This has become particularly pertinent as it’s become apparent that developing countries with fledgling financial sectors and small regulators aren’t able to cope with the regulatory burden. “A consequence of all this has been that a lot of firms are pulling out of developing countries because its impossible to gauge the risks associated with doing business there and whether or not they’re actually complying. That could potentially stunt economic development in some parts of the world, which I think is quite problematic,” said Cook.

Research has now proven that the costs of compliance are seriously outweighing the benefits of financial regulation

Financial centres buckling
A key concern in this is that the mounting compliance costs are becoming too much for the world’s financial centres. Offshore entities like Jersey have been able to cope well with regulation, as it was an early adopter that engaged with regulators during the evaluation and consultation processes. Its own legislation already bared down hard on financial crimes and has since 1998, forced anyone with knowledge of tax evasion or illicit criminal activities to report such issues or otherwise find themselves legally liable. According to Cook, “the only sustainable strategy was to adopt regulation” and as such, Jersey Finance has seen a steady growth in compliance heads.

However, for others, compliance is less than easy, says Cook, and while fewer financial hubs might be good news for some, it’s damaging to the free markets and general competition in the financial sector.

“It is an inevitability that there will be fewer offshore jurisdictions in the future. Jersey can cope and absorb the costs of regulation, but smaller jurisdictions with less employees, smaller regulators and with a lacking legislation, will find it difficult to comply. Of course, that’s levelling the playing field for jurisdictions like Jersey, which has seen its costs increase significantly, while others haven’t invested in compliance up until now and therefore had an advantage.

“But this is problematic for overall competition,” said Cook. The professors even go so far as to argue that the regulatory burden being put on small financial hubs is unfair. “There are real issues of respect for sovereignty that must be addressed. Today’s international financial institution regulation is dominated by a few rich or large countries. If we live in a world where international relations require respect for the sovereignty of all jurisdictions, the shifting of costs from large, wealthy jurisdictions to small ones, is illegitimate,” said Gordon and Morriss.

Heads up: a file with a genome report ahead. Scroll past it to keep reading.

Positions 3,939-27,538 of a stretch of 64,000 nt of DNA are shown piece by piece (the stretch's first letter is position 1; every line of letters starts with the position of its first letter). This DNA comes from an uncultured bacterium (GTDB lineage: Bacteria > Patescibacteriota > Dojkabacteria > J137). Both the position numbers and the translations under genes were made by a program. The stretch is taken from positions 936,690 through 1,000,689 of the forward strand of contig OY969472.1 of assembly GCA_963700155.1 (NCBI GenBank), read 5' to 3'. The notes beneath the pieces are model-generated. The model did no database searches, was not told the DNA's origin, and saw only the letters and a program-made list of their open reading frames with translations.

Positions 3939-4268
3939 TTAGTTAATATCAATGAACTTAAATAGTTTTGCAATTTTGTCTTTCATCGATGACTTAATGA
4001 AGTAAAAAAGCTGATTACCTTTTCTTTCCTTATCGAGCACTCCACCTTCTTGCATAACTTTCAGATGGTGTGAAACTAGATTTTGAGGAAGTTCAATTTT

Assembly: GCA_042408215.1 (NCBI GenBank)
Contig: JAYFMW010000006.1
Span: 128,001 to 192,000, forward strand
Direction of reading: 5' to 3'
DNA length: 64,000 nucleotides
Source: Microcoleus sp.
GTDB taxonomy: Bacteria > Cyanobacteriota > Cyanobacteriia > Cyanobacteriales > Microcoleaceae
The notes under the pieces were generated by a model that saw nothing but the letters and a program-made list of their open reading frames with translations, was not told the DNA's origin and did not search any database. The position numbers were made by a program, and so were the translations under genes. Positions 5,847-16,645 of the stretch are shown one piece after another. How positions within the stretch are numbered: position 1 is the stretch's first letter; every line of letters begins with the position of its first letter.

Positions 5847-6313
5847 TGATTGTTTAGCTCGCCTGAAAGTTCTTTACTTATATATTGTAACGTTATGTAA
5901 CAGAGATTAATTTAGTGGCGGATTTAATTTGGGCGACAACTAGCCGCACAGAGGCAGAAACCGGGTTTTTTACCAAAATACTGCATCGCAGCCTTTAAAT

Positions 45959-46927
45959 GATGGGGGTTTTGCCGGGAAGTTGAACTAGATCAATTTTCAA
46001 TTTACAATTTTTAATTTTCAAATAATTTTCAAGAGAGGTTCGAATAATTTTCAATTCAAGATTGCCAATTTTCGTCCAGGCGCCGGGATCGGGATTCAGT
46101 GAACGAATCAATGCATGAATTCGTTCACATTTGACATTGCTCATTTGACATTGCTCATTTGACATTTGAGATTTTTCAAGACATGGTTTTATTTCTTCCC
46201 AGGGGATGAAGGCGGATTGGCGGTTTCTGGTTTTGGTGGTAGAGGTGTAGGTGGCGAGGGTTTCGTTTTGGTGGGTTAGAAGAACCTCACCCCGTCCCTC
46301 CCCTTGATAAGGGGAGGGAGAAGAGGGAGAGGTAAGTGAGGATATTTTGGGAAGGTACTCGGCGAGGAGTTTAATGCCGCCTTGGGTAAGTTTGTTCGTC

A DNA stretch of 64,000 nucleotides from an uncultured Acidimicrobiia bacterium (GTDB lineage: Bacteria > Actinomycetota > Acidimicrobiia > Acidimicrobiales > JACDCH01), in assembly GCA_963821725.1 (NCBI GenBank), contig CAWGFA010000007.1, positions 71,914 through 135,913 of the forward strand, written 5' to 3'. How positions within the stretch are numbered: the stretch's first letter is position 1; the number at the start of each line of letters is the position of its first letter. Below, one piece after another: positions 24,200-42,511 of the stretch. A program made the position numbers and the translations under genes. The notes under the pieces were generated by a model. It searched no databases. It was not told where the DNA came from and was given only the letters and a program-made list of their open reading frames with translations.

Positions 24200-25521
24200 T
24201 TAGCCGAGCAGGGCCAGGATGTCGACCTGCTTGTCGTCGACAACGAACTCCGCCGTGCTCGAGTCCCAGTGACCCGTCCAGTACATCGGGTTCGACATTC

Interestingly, a recent report on shell companies and secret bank accounts, tested the compliance of OECD countries in comparison to offshore hubs, and found that major regulatory issuers such as the US, were among the worst sinners in the world. Professor Sharman from Griffiths University proved that it was incredibly easy to circumvent prohibitions on banking secrecy, forming anonymous shell companies and secret bank accounts in 17 instances, of which 13 occurrences happened in OECD countries.

In the UK, it took a sole 45 minutes to establish a company without providing identification, issued with bearer shares (which have been almost universally outlawed because they confer completely anonymous ownership). Shockingly, the study concluded that G20 countries had much more lax regulation than tax havens did.

“In this respect, it is frustrating that the regulation doesn’t seem to discriminate between financial centres who already have strong measures in place, as opposed to those who have an obvious intake of illicit activities”, said Cook. “It is important to us to inform people about IFC’s because of the mounting concerns about tax evasion and money laundering, which we don’t want to be associated with. Regulation doesn’t discriminate between financial centres, but I think its necessary for it to do so, because we believe that we are better run than others”.

To this end, the professors noted that the best IFC’s already have very effective systems and skill sets in these areas and that they may well be able to adapt to the new regimes more rapidly and with fewer costs than their on-shore counterparts – who also face huge compliance costs. Still, the concern remains that regulation has fundamentally changed the face of financial business and in particular, is making it impossible for small IFCs entirely dependant on their tax haven status to continue attracting financial services.

With many developing countries using special economic zones as a driver for growth, and small Caribbean nations building the majority of their GDP from financial services, it is problematic that these nations could be forced to abandon the sector and thereby, economic development. More importantly, the impact this will have on overall competition should be a prime concern for a world that is largely built on liberal economic principles.